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The Work–Life Balance Myth

Credit: Arian Khoshchin

Nature recently published the results of a global survey conducted among postdocs. The participants were asked about their career disenchantment, finances, and life aspirations – including parenthood. Those aged between 31–40 years old are reportedly “less happy in their career,” “more negative about job prospects, job security and work-life balance,” and “more likely to report mental-health challenges” than their younger peers. What could be going on here? 

The transition between a postdoc fellowship and the next step of the academic ladder is a challenging one: there are way more postdocs interested in pursuing an academic career than the positions actually available – let alone positions offering a permanent contract or tenured positions. Thus, making the so-called “postdoc blues” a global trend that concerns not only the analytical world, but academia in general. 

Those who really want an academic career might have to enter a never ending cycle – extending their postdoc years for as long as possible, jumping from one postdoc position to another, with the hope of broadening their skills, their network, and opportunities of finding a fixed position. However, for most this means remaining a postdoc with a temporary contract in their mid-thirties, while their prospects of a tenure position are decreasing at an alarming rate. 

So it is quite understandable that they feel like they are falling behind in life; a postdoc salary does not guarantee any financial security to start a family or even buy property. 

Compensation is not the only factor feeding into the problem. Many young scientists embark on a PhD journey being excited about spending a few years doing research, but without having a clear idea of what they’ll do after their PhD. Decades ago, doing a PhD meant that the candidate would continue their career in academia, climbing the academic ladder until becoming a professor. Today, this couldn’t be further from the truth: only a fraction of PhD graduates will continue their career in academia. 

If universities offered (mandatory) career development training during master’s studies and PhDs, young scientists would be able to prepare effectively and choose the most suitable career path – avoiding career dissatisfaction later on.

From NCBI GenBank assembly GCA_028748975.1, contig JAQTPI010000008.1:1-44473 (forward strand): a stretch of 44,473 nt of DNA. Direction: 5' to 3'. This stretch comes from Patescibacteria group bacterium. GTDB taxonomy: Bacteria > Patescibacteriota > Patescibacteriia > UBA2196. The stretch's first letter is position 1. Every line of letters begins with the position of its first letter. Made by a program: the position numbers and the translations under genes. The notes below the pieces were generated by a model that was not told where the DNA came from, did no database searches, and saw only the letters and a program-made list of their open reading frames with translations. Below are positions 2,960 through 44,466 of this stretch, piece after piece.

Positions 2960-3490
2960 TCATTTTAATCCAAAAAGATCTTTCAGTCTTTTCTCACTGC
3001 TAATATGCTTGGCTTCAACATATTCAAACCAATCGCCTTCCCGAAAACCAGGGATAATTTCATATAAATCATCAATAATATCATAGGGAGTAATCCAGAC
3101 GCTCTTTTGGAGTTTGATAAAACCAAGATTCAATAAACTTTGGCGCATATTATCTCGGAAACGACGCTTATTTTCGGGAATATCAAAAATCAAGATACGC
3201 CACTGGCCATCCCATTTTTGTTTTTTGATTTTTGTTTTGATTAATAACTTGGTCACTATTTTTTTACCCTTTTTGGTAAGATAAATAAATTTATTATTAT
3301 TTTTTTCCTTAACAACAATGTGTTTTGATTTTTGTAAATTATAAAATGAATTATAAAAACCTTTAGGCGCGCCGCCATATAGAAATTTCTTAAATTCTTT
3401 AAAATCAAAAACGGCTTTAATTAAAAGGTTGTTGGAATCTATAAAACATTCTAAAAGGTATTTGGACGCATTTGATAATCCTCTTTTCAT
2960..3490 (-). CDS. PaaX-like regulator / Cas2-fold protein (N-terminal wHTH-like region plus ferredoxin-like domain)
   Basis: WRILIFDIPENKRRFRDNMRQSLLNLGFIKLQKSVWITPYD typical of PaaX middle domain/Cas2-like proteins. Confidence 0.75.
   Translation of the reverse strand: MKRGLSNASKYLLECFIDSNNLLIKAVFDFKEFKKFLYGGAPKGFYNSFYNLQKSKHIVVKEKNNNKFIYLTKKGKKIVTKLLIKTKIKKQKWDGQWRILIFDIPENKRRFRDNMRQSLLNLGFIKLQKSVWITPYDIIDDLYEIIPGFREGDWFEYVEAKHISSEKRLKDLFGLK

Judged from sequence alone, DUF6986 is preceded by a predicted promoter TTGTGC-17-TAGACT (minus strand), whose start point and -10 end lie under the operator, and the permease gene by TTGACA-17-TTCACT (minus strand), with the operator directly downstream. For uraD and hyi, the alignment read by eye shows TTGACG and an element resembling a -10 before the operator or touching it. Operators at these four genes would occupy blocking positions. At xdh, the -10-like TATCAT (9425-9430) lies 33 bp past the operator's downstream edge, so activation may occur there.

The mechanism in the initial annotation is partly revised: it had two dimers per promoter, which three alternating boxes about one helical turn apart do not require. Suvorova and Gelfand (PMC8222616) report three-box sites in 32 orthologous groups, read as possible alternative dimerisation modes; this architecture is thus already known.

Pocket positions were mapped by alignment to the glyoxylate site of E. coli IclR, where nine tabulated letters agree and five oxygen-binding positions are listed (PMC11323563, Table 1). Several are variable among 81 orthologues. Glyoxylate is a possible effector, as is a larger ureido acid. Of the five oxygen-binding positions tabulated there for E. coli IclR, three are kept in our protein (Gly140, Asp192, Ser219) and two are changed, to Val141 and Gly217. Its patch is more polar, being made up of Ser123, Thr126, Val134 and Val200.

Today, the pressure from online communities and social media also intensifies the problem. Many online accounts have started focusing on just the negative aspects of academia, which can lead into a storm of negative emotions – with people constantly comparing themselves and their work to others. This creates and sustains a cloud of negativity and self-doubt, breaking any boundaries between work and personal life.

All of these things remind me of a saying: “There is no way to have a relaxed life in science.” But how true is that? Is it crazy to dream of work–life balance in our careers?

Some time periods are naturally more stressful because of tight deadlines at work, while others might call for more focus on our personal lives. I think that it all depends on everyone’s perception about what a “relaxed life” means. I belong to the category of people who are not very resilient to stress (physically and mentally). Because of this, I admire the accomplished and high-achieving analytical scientists in our community, who seem to go through their career in a very relaxed yet productive way.

Two years ago, I had the chance to co-organize the IMSC2022 conference in Maastricht, so I spent quite some time working closely with the Chairs Ron Heeren, Albert Heck, and Manfred Wuhrer – some of the top analytical scientists in the Netherlands. To me at least, they all look like they have managed to secure a somewhat relaxed life in science – running multiple projects and a big lab in parallel. Surely, this must be quite stressful, and yet they undoubtedly – overtly – enjoy their work and their community. I believe I came to understand what they all have in common: they consider their work as their main hobby!

In short, there is no key to work–life or life–work balance; rather, it is a combination of different approaches that can bring us a satisfactory balance. My four pillars are sleep, healthy eating habits, physical exercise, and a fulfilling social life – I notice a direct impact on my work productivity if one or some of these pillars becomes unstable or falls apart.

As we grow, our priorities and the way we deal with stressful situations also changes. It’s good to keep in mind that you cannot achieve a work – life balance overnight nor will you manage to live the perfect lifestyle – it actually takes weeks or even months to set your boundaries and priorities straight.

As someone who was a PhD and postdoc candidate once and now an academic and a mentor, Isabelle decided to launch “NextMinds” – a mentoring platform to help early-career scientists embark on their career journeys. She discusses everything about her initiative in a recent interview with us and shares tips and tricks for a happy (and healthy) PhD journey here.

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About the Author
Isabelle Kohler

Assistant Professor, Division of BioAnalytical Chemistry, Amsterdam Institute for Molecular and Life Sciences, Vrije Universiteit Amsterdam, The Netherlands

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